Earthquakes are often terrifying and deadly affairs, but they might have played a role in the development of life on Earth, and maybe even beyond our planet.
A new study, published in Astrobiology, investigated the amount of hydrogen released when rocks grind against each other, like during earthquakes. The international team from Yale, University of Aberdeen, and Brock University found that the amount of hydrogen expelled could sustain underground bacteria near geological fractures.
“Previous work has suggested that hydrogen is produced during earthquakes when rocks fracture and grind together,” said lead author Sean McMahon, from Yale, in a statement. “Our measurements suggest that enough hydrogen is produced to support the growth of microorganisms around active faults.”
This discovery has an implication on the potential for life on Mars. The Red Planet has only a limited amount of resources we normally associate with life (water, oxygen, and so on), but bacteria can use reactions like the oxidation of hydrogen gas to obtain the energy they need to survive.
“Mars is not very seismically active, but our work shows that ‘Marsquakes’ could produce enough hydrogen to support small populations of microorganisms, at least for short periods of time,” McMahon added.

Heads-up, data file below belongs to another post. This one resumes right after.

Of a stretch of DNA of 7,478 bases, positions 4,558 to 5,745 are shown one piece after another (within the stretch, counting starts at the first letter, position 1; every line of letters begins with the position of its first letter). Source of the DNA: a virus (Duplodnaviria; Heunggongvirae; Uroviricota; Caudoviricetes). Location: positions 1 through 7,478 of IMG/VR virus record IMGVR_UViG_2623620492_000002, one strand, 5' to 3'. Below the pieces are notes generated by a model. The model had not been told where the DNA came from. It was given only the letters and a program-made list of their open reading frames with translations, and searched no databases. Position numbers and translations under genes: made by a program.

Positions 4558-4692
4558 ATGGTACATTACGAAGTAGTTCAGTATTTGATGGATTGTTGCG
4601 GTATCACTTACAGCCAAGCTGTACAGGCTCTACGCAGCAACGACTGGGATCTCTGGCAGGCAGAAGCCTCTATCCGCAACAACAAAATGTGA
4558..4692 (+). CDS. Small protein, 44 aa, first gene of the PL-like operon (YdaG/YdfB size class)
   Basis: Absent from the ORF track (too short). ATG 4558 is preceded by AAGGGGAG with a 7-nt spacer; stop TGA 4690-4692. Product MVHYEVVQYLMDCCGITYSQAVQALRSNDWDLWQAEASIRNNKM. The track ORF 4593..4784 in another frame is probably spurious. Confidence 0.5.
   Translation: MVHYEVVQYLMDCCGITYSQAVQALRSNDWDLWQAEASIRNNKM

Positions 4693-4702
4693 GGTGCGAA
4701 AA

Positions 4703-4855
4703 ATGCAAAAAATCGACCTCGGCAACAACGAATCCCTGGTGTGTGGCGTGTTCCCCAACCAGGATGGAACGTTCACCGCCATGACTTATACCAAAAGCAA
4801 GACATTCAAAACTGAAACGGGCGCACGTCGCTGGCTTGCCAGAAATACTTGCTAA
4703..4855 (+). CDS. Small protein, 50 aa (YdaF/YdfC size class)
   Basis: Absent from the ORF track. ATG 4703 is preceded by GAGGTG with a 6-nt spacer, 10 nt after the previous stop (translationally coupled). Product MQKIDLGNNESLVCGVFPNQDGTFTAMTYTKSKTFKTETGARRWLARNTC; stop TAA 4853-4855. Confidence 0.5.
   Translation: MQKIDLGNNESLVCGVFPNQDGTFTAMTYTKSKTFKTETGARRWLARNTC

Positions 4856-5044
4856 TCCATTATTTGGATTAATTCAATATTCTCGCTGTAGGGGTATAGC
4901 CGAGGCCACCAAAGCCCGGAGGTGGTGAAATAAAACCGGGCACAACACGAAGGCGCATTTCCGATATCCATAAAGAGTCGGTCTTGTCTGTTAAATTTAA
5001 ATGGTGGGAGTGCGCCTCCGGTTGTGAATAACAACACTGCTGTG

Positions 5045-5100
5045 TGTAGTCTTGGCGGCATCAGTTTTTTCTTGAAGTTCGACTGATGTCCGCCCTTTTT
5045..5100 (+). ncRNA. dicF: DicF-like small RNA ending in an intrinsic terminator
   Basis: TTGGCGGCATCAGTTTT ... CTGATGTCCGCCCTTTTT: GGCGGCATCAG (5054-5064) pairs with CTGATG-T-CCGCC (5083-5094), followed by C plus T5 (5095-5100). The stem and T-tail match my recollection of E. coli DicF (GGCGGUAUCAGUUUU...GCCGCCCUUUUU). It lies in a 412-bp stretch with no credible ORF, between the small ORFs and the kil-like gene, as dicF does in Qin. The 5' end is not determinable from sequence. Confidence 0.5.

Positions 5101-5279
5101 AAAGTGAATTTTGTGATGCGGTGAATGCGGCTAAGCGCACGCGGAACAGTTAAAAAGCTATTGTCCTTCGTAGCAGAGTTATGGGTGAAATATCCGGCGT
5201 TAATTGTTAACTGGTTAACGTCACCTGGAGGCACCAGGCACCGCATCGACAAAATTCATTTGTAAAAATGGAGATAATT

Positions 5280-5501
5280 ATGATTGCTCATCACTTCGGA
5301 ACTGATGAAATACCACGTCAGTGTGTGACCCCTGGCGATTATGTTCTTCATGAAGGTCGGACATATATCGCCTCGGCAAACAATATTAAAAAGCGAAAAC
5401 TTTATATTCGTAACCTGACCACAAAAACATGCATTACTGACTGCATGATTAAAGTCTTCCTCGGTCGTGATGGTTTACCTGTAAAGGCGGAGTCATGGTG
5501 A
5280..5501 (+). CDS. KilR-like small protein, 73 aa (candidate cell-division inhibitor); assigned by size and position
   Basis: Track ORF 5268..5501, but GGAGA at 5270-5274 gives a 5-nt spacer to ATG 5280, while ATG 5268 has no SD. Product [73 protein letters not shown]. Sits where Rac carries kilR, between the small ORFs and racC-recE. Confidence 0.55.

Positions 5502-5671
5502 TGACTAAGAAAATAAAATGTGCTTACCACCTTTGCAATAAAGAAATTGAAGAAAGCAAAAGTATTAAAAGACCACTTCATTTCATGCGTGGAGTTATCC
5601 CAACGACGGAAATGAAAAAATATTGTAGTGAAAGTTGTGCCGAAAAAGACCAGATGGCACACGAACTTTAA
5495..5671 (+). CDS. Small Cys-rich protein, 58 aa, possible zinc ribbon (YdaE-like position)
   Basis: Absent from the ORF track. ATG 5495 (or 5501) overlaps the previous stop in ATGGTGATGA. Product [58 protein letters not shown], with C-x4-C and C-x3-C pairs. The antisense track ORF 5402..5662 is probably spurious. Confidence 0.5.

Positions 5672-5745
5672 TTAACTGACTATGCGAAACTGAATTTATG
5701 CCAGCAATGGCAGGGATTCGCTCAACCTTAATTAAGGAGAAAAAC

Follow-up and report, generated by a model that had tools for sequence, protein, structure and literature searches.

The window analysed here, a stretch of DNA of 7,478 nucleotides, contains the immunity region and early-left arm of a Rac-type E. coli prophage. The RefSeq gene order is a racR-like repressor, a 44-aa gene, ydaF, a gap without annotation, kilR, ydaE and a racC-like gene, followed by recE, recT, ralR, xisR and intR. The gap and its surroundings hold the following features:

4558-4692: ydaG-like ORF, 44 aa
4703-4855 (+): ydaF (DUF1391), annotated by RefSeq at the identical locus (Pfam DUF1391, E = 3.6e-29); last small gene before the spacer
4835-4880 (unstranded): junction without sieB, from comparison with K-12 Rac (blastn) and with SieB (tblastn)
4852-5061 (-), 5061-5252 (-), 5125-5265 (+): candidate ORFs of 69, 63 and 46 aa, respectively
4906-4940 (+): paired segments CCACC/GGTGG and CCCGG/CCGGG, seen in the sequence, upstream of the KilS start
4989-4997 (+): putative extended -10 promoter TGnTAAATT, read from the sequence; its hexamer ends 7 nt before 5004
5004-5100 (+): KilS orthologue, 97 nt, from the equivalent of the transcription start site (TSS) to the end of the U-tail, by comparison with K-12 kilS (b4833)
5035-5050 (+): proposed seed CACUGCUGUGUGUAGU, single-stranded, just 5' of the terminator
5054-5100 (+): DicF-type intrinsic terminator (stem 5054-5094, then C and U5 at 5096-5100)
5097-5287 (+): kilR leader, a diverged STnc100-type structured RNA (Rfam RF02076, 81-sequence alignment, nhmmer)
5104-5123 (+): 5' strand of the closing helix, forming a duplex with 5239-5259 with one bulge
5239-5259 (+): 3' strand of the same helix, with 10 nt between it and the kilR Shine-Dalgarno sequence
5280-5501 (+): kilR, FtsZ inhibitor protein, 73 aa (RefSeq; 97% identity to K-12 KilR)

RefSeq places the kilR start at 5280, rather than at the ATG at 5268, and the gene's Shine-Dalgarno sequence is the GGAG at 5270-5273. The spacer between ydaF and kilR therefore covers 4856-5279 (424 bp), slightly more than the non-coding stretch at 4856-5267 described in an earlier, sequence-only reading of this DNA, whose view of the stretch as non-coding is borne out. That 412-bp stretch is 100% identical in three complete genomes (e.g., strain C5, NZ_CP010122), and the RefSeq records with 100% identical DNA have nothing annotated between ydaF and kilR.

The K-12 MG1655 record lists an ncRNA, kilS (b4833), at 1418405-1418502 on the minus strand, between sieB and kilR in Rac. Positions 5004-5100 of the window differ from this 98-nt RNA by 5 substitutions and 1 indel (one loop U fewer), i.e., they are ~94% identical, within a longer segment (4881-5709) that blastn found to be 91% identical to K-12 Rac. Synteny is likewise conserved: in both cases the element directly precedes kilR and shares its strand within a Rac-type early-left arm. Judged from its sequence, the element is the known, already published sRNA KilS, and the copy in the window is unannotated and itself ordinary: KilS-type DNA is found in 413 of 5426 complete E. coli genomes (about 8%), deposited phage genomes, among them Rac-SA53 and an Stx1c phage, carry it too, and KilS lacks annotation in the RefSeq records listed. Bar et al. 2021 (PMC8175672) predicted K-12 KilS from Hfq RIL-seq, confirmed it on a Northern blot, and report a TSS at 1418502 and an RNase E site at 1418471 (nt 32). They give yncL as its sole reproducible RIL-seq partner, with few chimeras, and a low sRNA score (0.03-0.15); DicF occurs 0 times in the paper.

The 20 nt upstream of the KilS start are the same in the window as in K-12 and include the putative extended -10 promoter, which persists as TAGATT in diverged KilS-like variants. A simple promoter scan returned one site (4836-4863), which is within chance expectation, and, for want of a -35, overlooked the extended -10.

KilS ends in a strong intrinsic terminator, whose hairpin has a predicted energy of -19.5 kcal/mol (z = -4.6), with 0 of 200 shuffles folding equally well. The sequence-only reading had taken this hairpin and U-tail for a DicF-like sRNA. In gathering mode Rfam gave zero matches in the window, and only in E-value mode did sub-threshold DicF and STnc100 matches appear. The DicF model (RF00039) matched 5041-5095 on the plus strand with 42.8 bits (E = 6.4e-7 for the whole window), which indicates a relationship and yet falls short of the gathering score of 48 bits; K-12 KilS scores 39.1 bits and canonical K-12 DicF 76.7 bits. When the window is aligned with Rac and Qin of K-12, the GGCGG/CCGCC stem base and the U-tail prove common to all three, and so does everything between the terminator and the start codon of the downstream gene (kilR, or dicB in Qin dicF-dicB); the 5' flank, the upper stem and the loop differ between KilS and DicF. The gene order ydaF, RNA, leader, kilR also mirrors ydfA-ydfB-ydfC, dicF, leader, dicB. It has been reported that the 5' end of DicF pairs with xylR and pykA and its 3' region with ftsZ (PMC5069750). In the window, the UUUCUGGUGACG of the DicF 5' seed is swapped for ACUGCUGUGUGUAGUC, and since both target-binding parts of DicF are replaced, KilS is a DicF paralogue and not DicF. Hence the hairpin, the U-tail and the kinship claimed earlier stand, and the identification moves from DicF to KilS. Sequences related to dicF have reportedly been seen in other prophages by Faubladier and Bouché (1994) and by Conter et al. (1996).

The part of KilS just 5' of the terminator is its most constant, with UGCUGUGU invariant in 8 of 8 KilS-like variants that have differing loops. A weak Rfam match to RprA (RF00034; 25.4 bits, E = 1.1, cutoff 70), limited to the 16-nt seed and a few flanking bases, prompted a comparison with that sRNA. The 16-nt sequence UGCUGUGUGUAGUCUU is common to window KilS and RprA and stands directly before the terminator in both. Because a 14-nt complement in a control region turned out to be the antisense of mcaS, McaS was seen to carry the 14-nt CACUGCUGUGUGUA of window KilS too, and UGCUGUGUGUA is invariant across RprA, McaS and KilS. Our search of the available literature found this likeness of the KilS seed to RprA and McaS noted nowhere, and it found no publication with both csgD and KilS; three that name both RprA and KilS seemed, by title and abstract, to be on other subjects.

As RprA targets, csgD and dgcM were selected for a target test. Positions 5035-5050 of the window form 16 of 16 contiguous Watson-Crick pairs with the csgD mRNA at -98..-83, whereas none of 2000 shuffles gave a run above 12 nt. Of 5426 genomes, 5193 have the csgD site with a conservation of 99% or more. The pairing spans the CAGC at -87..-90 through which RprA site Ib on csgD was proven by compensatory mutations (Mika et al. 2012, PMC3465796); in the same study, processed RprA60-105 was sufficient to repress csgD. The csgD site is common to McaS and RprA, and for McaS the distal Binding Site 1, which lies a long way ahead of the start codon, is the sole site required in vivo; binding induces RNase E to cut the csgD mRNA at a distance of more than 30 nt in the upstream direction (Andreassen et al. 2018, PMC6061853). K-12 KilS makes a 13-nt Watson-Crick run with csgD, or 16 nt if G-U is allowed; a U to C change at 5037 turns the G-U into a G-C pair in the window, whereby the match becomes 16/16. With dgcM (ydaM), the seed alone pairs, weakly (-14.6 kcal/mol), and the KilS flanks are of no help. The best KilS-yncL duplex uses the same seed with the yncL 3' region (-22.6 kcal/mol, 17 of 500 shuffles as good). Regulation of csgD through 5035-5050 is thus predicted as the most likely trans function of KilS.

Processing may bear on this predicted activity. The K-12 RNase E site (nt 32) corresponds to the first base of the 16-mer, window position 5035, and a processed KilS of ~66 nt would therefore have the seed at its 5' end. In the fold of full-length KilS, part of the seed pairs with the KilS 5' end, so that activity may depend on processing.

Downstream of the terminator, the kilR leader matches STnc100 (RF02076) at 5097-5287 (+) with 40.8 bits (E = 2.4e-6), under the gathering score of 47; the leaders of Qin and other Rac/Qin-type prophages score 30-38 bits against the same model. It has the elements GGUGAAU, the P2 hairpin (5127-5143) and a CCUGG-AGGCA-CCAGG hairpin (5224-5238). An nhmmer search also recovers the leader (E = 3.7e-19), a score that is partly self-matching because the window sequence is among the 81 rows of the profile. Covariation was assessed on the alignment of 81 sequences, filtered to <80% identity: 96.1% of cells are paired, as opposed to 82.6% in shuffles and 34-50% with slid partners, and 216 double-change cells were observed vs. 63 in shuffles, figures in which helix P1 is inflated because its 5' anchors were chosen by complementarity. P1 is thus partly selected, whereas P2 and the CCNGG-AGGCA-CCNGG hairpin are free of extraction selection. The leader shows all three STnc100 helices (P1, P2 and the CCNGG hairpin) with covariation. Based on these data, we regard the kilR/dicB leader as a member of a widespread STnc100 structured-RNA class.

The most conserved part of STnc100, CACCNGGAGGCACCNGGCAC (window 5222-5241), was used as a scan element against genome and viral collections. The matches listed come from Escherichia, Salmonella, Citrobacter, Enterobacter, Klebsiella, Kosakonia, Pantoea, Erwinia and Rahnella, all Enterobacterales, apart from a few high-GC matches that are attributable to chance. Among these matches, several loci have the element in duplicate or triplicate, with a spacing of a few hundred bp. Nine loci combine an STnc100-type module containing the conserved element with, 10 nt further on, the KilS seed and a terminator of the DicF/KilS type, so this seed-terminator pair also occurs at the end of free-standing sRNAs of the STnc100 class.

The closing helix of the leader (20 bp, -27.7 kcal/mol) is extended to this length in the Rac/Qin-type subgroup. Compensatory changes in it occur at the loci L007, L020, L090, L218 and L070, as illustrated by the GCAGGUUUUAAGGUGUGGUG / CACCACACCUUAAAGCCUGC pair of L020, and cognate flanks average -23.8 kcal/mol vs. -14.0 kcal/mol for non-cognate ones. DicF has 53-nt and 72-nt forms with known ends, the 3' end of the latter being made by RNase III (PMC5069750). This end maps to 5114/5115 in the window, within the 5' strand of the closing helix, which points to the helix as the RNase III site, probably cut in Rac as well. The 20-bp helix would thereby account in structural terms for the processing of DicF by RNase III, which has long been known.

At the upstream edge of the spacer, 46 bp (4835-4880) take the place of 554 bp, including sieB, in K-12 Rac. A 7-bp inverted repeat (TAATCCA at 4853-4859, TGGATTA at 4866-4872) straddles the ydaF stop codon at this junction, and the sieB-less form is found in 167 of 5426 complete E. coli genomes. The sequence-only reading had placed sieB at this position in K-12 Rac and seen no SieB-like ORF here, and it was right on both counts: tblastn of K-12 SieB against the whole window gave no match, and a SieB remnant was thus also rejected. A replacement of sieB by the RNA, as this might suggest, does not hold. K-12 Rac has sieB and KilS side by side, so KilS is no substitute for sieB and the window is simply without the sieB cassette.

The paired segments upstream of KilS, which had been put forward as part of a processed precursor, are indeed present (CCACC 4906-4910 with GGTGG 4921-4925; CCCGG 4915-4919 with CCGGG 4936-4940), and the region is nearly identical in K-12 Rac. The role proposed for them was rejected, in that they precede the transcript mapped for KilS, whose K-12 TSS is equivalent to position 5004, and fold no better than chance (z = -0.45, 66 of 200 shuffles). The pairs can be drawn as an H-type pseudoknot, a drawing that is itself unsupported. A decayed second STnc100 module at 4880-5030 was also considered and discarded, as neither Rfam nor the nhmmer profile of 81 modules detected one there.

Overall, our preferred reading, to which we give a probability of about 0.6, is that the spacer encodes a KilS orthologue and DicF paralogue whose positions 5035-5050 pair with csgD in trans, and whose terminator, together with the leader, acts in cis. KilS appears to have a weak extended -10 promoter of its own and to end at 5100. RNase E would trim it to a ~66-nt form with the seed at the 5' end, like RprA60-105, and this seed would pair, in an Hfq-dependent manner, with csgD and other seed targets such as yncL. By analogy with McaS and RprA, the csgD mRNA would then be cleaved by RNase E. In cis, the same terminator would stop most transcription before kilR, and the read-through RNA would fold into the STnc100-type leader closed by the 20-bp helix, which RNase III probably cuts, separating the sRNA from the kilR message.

“This is just one part of the emerging picture of the habitability of the Martian subsurface, where other sources of energy for life may also be available. The best way to find evidence of life on Mars may be to examine rocks and minerals that formed deep underground around faults and fractures, which were later brought to the surface by erosion.”
There are no missions with that specific goal yet, but one of the potential rovers that will soon visit Mars could maybe reach the right rock formations.
An extensive geological analysis of the Red Planet won’t come soon, but scientists are definitely thinking about it. In 2018, NASA is sending a seismographer to Mars onboard of the InSight lander, and hopefully we are going to learn all about these Marsquakes.